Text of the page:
LINDA CHHAKCHHUAK | 19 JUNE, 2019
Girls rescued from traffickers
AIZAWL: Without a concrete national policy on refugees, particularly Rohingyas, the government of Mizoram is in a quandary as the trickle of refugees looks set to become a flood. Altogether, there are about 235 refugees in the state from Myanmar which includes 16 trafficked Rohingya women, mostly teenage girls, who were rescued recently.
Plans to ‘push’ them back to their country as instructed by the Union Home Ministry have so far failed, as it would mean putting these refugees back in the jaws of death, which would create a human rights hullabaloo as some officials said.
As a midway solution, it is learnt that the government is thinking of handing over the rescued girls to an appropriate NGO, as it claims not to have the wherewithal to handle their case.
Most of the refugees, around 219 of them, belong to the ethnic Zakhaw group from the Rakhine state in Myanmar. Some 1,700 of them had fled their homeland seeking refuge in Mizoram across the international border when fighting broke out in November 2017.
Eight Rohingya girls were rescued from human traffickers in the evening of June 17, 2019 in Khawbung Sesaw village located in the Champhai district of Mizoram and were brought to the Dungtlang Police Station in Saikhumphai village just nodding distance from the Myanmar border.
The girls, all teenagers, were in a Tata Sumo, the driver of which told police that he had been paid to hand them over to some people in Saikhumphai. At Saikhumphai, the Mizoram police caught hold of two Myanmarese nationals who were there to take charge of the girls.
They confessed that they were to take the girls across the border from where they were to be trafficked to Indonesia, Singapore and Malaysia, telling the police that they had planned to slip the girls across the border for which they just have to cross a stream.
In April last again another eight women were detained at the Mizoram-Assam interstate Vairengte Police check-gate when they failed to produce any documents to identity themselves. The women claimed to have been abducted by unknown men from Kutupalong Refugee Camp in Bangladesh’s Cox Bazaar area.
Experts said that if the girls are below 18 years, they have to be handled under the Child Rights protocols as victims and not criminals.
In April itself another group of women, numbering 69 from Nepal were rescued from a hotel in Aizawl, the state capital as they were being herded to Gulf countries via Mynamar. Maiti Nepal, an organisation working to curb human trafficking in Nepal said that the Aizawl authorities had told them that while these women were rescued, more than 190 Nepalese women had already crossed over to Myanmar through Mizoram in the last few months.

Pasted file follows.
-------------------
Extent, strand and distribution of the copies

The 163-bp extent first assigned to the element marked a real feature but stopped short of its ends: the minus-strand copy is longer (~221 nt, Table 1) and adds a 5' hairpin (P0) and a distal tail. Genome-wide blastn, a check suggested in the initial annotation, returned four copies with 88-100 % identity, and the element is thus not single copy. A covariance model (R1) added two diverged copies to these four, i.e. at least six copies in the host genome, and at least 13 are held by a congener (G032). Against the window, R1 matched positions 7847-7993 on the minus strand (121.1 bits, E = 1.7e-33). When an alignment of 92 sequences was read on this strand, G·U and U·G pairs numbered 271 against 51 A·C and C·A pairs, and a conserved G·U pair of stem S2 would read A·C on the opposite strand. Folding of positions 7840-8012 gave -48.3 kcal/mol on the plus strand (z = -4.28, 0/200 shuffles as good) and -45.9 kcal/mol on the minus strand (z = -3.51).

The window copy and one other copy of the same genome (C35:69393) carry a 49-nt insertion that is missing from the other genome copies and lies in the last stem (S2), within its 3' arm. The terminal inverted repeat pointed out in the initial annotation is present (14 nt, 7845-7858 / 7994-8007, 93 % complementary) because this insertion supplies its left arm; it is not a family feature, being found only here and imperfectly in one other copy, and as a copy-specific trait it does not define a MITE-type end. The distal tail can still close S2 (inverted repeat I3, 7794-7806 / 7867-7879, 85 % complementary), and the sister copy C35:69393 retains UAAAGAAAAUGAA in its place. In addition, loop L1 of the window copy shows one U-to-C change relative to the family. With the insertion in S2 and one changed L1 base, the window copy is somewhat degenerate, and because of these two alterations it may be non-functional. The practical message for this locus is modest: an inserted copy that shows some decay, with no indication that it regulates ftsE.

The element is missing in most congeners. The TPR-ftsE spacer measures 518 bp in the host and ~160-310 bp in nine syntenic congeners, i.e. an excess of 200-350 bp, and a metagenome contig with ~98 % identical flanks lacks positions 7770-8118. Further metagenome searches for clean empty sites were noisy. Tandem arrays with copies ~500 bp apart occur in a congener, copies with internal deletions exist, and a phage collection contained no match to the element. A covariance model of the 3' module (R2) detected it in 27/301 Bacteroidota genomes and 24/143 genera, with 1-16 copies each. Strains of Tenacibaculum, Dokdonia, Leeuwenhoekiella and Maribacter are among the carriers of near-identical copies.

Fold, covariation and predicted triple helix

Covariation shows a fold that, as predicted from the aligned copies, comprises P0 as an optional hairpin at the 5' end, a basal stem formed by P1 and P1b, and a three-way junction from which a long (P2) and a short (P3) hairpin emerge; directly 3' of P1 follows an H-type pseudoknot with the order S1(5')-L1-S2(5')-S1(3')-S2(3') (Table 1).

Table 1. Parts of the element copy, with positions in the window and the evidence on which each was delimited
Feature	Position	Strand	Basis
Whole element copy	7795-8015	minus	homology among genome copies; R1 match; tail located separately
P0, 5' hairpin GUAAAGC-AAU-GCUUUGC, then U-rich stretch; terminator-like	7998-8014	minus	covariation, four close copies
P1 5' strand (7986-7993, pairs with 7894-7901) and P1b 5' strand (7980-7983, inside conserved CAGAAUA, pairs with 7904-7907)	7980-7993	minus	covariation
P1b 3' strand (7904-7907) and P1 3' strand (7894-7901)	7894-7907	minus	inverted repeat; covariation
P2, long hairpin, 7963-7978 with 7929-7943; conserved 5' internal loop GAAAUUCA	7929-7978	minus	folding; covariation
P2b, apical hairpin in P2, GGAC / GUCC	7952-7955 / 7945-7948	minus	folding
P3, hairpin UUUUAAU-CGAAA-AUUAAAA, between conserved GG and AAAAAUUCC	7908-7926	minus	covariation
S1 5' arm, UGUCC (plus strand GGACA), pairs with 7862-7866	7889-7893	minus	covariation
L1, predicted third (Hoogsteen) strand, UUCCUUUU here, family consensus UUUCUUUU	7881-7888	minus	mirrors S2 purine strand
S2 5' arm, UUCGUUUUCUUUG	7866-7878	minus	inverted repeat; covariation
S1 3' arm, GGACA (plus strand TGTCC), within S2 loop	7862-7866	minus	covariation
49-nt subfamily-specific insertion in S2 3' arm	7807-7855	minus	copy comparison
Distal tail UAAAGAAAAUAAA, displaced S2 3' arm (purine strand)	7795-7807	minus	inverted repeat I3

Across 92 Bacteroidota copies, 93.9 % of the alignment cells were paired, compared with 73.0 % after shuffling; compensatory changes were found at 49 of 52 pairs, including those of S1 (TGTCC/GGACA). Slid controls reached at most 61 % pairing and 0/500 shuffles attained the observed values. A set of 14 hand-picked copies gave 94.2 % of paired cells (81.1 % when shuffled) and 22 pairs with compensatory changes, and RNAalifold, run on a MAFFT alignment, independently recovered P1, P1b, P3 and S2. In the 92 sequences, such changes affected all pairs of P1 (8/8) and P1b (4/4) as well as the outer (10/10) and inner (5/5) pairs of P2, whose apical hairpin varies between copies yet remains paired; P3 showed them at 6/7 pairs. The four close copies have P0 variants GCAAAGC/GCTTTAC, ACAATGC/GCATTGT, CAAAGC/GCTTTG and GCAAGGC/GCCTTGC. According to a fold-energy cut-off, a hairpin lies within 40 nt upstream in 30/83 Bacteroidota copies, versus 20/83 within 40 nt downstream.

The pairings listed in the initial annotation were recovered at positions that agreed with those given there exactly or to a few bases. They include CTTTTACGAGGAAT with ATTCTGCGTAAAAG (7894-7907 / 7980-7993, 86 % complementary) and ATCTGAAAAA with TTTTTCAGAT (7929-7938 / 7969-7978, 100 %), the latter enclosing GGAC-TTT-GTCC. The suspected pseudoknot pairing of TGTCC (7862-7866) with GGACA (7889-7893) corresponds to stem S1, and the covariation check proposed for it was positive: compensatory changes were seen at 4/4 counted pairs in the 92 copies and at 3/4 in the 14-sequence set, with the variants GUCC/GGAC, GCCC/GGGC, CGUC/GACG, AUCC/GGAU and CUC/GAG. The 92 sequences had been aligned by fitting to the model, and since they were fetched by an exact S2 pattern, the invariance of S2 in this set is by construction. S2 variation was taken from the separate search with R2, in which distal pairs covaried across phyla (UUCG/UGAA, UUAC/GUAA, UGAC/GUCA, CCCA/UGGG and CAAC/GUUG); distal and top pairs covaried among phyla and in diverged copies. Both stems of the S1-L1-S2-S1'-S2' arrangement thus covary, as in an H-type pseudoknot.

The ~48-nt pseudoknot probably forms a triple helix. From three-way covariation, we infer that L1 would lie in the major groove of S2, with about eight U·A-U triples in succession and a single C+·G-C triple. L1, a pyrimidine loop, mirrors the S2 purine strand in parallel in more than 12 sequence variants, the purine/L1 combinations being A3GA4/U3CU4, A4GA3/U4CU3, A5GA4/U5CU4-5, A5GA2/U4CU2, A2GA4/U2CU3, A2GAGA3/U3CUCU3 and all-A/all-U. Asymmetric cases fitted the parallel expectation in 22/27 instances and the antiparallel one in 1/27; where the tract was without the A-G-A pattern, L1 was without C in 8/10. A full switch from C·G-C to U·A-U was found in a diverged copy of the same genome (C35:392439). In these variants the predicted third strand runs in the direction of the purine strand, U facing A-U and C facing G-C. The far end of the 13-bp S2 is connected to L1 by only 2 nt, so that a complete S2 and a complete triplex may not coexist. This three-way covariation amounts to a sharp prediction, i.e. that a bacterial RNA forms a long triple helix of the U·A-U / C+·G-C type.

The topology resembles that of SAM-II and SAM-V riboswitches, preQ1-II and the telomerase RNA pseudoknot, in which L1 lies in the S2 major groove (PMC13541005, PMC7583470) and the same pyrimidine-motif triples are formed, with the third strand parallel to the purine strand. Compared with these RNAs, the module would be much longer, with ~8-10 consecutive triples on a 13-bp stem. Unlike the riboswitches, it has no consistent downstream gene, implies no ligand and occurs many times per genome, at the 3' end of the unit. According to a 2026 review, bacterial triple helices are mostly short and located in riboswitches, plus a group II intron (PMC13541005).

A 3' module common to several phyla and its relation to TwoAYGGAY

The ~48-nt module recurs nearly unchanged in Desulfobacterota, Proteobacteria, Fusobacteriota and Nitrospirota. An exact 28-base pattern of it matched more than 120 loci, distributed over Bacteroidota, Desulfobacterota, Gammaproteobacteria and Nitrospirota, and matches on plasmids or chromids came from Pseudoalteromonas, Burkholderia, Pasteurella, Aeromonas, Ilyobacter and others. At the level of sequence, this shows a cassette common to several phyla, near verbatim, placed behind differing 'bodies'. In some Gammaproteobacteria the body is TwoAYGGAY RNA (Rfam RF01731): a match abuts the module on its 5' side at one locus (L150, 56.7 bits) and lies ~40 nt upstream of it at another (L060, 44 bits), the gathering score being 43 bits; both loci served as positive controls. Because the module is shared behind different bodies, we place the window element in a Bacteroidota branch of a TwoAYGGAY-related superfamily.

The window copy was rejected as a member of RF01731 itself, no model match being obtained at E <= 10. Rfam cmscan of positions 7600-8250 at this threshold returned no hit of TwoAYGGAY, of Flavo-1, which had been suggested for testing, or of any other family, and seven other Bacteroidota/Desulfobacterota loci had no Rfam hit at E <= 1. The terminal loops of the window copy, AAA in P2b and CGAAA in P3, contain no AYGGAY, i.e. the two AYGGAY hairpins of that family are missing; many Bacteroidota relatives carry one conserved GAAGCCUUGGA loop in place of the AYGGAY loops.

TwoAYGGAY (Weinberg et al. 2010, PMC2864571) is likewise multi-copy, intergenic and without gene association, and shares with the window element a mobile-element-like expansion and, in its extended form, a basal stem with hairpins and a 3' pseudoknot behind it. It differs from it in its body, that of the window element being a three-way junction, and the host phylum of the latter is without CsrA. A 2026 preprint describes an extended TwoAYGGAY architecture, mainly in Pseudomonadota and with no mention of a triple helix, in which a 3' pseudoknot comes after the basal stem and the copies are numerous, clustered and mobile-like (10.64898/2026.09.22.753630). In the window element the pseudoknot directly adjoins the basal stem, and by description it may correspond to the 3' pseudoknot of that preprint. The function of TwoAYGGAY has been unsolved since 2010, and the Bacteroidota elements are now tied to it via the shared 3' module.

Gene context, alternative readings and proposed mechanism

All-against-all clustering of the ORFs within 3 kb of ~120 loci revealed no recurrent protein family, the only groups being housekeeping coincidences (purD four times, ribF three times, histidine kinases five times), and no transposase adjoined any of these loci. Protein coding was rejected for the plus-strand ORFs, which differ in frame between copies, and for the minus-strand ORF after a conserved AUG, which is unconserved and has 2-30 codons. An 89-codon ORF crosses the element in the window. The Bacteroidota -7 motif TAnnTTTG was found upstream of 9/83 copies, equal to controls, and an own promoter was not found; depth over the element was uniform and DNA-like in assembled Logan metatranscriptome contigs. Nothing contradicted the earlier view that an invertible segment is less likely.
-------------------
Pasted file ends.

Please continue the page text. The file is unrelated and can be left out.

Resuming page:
Hosting refugees is nothing new for Mizoram, India’s tiny and most remote state from the capital Delhi. It has been battling a massive refugee problem since the 1980s and has for decades hosted over one lakh Burmese refugees.
Just when they thought the worst was over with the return of ‘democracy’ in Myanmar, the Rohingya issue exploded onto the scene affecting Mizoram again. The state shares a 404 kilometre border with Myanmar along its entire eastern side, and 318 kilometres with Bangladesh on its western flank.
The Rohingya issue is far more complicated as the Rohingyas have been labelled as foreigners and infiltrators from Bangladesh by the Myanmarese authorities, and are being ‘pushed out’ to that country.
Wedged between these two bedraggled, troubled giants of South and Southeast Aisa, Mizoram, with its porous borders has become little more than a corridor for people fleeing the ethnic violence in those countries.
It has always been a safe passage for arms and drugs smugglers, and lately seems to have become the secure route for human traffickers as well, for the state easily links the three countries within a short distance.
Not only that, most of the border is unmanned and unpoliced, said local sources, giving these criminal activities free leeway. The state itself is plagued with one of the most widespread problems of youth drug addiction and a powerful mafia controlling drug smuggling.
Myanmar is under the global spotlight with the Myamarese Army’s crackdown on Rohingyas in August 2017 forcing more than 7 lakhs of them to flee. Around the same time clashes broke out with the Arakanese Army in Paletwa town in Chin state, forcing people to flee. As tensions have escalated since then and fresh violence continues, the trickle of refugees from these conflicts is impacting the peaceful state of Mizoram, where refugees have sought haven.
Some of the injured fighters have also sought medical treatment in the state’s hospitals. Fighting has spread, even impacting the Sitwe region, where India is building a port for the Kaladan multimodal highway project to link trade between Myanmar and India through Mizoram. This looks dicey now, local sources said, as rather than a route for trade it may become a highway for the flow of refugees from Myanmar and Bangladesh.
While most of the 1,700 or so Zakhaw refugees have left for home, 219 of them from 54 families have refused to do so, creating tensions in the state, which in the absence of central government support has little infrastructure to keep these refugees housed and properly fed, or even keep them under surveillance.
Meanwhile, the government of India seems oblivious to the security problems on its eastern borders and in the strategically located state of Mizoram. It is to be noted that India has ratified the United Nations Convention on Transnational Organized Crime (UNTOC) and the UN Protocol to Prevent, Suppress and Punish Trafficking in Persons Protocol (known as the UN Trafficking Protocol).
Cover Photograph: Rohingya trafficked girls rescued by the Mizoram Police on June 17, 2019 in the Dungtlang Police Station of Saikhumkphai village in the Champhai District of Mizoram bordering Myanmar. Photograph by MAPUIA HNAMTE